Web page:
8 Norfolk steam trains from the 50s and 60s

PUBLISHED: 14:15 03 December 2020 | UPDATED: 13:24 15 December 2020

BR standard Britannia 7MT No. 70002 Geoffrey Chaucer arrives at London Liverpool Street with the up Broadsman from Norwich. Photo: Amberley Publishing

BR standard Britannia 7MT No. 70002 Geoffrey Chaucer arrives at London Liverpool Street with the up Broadsman from Norwich. Photo: Amberley Publishing

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New book celebrates steam locomotive era in East Anglia and on the East Coast railways

Class B12-3 No. 61572 leaves Gunton on an evening train bound for Cromer and Sheringham, in May 1961. Photo: Amberley PublishingClass B12-3 No. 61572 leaves Gunton on an evening train bound for Cromer and Sheringham, in May 1961. Photo: Amberley Publishing

The 1950s and 1960s was a time of profound cultural and technological transformation, especially on the railways. In the 1950s, railway pride and optimism overcame staff shortages, returning locomotives to pre-war performance and introducing modern BR standard classes. By the 1960s, fiscal efficiency and the dawning diesel era turned pride to neglect of steam; sparkling steel, brass and tallow gave way to dust, rust and flaking paint and heroic workhorses were lost to scrap.

As the mood turned to melancholy, just a few of these great workhorses became pets – polished, loved, and cared for by dedicated railway workers and a growing band of enthusiastic volunteers.

A new book has just been published looking at the east side of the country, including Norfolk and Suffolk, charts the era trackside, at busy stations, and in and around depots, revealing the evolving mood. It has around 180 photos and is sure to delight anyone who loves the ‘golden era’ of steam.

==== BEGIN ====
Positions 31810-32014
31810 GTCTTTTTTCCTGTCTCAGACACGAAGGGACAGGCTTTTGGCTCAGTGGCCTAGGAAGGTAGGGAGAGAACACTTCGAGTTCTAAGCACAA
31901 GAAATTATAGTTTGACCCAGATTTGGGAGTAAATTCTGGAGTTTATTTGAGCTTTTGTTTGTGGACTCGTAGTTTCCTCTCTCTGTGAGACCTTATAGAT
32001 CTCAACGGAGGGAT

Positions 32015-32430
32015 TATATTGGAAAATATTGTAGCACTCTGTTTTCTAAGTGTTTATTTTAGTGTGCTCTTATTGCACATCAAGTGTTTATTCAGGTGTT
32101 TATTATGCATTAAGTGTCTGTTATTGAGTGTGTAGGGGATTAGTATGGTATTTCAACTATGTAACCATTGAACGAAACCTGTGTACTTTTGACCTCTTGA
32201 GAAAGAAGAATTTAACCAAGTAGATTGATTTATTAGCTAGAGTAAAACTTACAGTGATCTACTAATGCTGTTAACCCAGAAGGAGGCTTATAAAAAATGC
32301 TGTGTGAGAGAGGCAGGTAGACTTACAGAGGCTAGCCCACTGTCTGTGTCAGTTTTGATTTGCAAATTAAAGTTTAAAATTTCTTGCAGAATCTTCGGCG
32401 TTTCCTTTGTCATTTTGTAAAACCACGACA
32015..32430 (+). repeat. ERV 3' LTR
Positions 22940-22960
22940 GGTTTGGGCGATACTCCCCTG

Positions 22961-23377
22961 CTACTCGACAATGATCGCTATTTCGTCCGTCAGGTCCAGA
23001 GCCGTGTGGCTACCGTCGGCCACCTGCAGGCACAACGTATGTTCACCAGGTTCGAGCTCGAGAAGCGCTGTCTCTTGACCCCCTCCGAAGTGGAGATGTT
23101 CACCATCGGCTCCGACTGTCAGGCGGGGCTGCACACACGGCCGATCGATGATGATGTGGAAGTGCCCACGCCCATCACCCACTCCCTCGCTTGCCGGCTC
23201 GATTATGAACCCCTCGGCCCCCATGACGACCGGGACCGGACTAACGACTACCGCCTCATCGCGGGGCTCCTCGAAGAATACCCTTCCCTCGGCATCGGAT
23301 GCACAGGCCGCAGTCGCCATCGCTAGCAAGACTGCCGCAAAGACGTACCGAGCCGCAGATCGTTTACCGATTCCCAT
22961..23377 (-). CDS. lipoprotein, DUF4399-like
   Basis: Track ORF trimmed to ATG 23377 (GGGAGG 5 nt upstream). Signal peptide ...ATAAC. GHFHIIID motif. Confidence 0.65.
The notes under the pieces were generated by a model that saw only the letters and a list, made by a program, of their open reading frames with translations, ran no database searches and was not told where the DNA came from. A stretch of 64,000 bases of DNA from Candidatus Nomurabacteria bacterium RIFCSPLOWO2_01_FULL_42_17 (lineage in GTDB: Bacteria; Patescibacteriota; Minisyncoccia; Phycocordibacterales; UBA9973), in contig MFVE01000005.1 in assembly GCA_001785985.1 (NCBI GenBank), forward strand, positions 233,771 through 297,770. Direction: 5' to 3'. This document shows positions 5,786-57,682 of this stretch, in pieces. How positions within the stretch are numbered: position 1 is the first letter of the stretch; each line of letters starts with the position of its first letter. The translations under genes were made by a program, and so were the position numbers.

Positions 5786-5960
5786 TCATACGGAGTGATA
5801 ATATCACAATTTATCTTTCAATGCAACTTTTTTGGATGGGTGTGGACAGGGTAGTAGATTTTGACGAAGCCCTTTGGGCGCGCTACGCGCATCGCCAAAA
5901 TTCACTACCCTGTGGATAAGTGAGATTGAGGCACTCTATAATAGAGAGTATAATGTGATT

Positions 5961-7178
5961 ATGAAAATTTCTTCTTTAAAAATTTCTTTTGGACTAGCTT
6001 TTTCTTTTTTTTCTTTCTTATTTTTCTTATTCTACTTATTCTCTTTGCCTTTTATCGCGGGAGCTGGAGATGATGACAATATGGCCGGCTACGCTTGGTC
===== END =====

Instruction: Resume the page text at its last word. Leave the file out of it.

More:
East Anglia and the East Coast Railways The Late 1940s to Late 1960s Brian Reading and Ian Reading, £14.99 from Amberley Publishing.

Nicely cleaned, B12/3 No.61577 is London-bound at Trowse in the 1950s.During this era, many East Anglian engines were double manned.Sharing a locomotive between two drivers generated a culture of pride. Photo: Amberley PublishingNicely cleaned, B12/3 No.61577 is London-bound at Trowse in the 1950s.During this era, many East Anglian engines were double manned.Sharing a locomotive between two drivers generated a culture of pride. Photo: Amberley Publishing

Gresley B17 No.61609 Quidenham at Norwich, probably c.1950.Quidenham is one of the few B17s seen post-war in LNER lined green.The locomotive has been released after bringing a through train in from Cromer. Photo: Amberley PublishingGresley B17 No.61609 Quidenham at Norwich, probably c.1950.Quidenham is one of the few B17s seen post-war in LNER lined green.The locomotive has been released after bringing a through train in from Cromer. Photo: Amberley Publishing

The new book on railways across the east. Photo: Amberley PublishingThe new book on railways across the east. Photo: Amberley Publishing

Class L1 No. 67788 double-heading with B17 No. 61637 Thorpe Hall leaving Norwich, 3 March 1951. The 2:10 pm. Norwich to Cambridge service was often double-headed because of an unbalanced locomotive working. Photo: Amberley PublishingClass L1 No. 67788 double-heading with B17 No. 61637 Thorpe Hall leaving Norwich, 3 March 1951. The 2:10 pm. Norwich to Cambridge service was often double-headed because of an unbalanced locomotive working. Photo: Amberley Publishing

Class B12-3 No. 61572 rests at Norwich ready for its next turn, a local service to Cromer, May 1961. Photo: Amberley PublishingClass B12-3 No. 61572 rests at Norwich ready for its next turn, a local service to Cromer, May 1961. Photo: Amberley Publishing

Austerity No. 90480 at Norwich. The locomotive is fitted with a Stratford shed plate. Photo: Amberley PublishingAusterity No. 90480 at Norwich. The locomotive is fitted with a Stratford shed plate. Photo: Amberley Publishing

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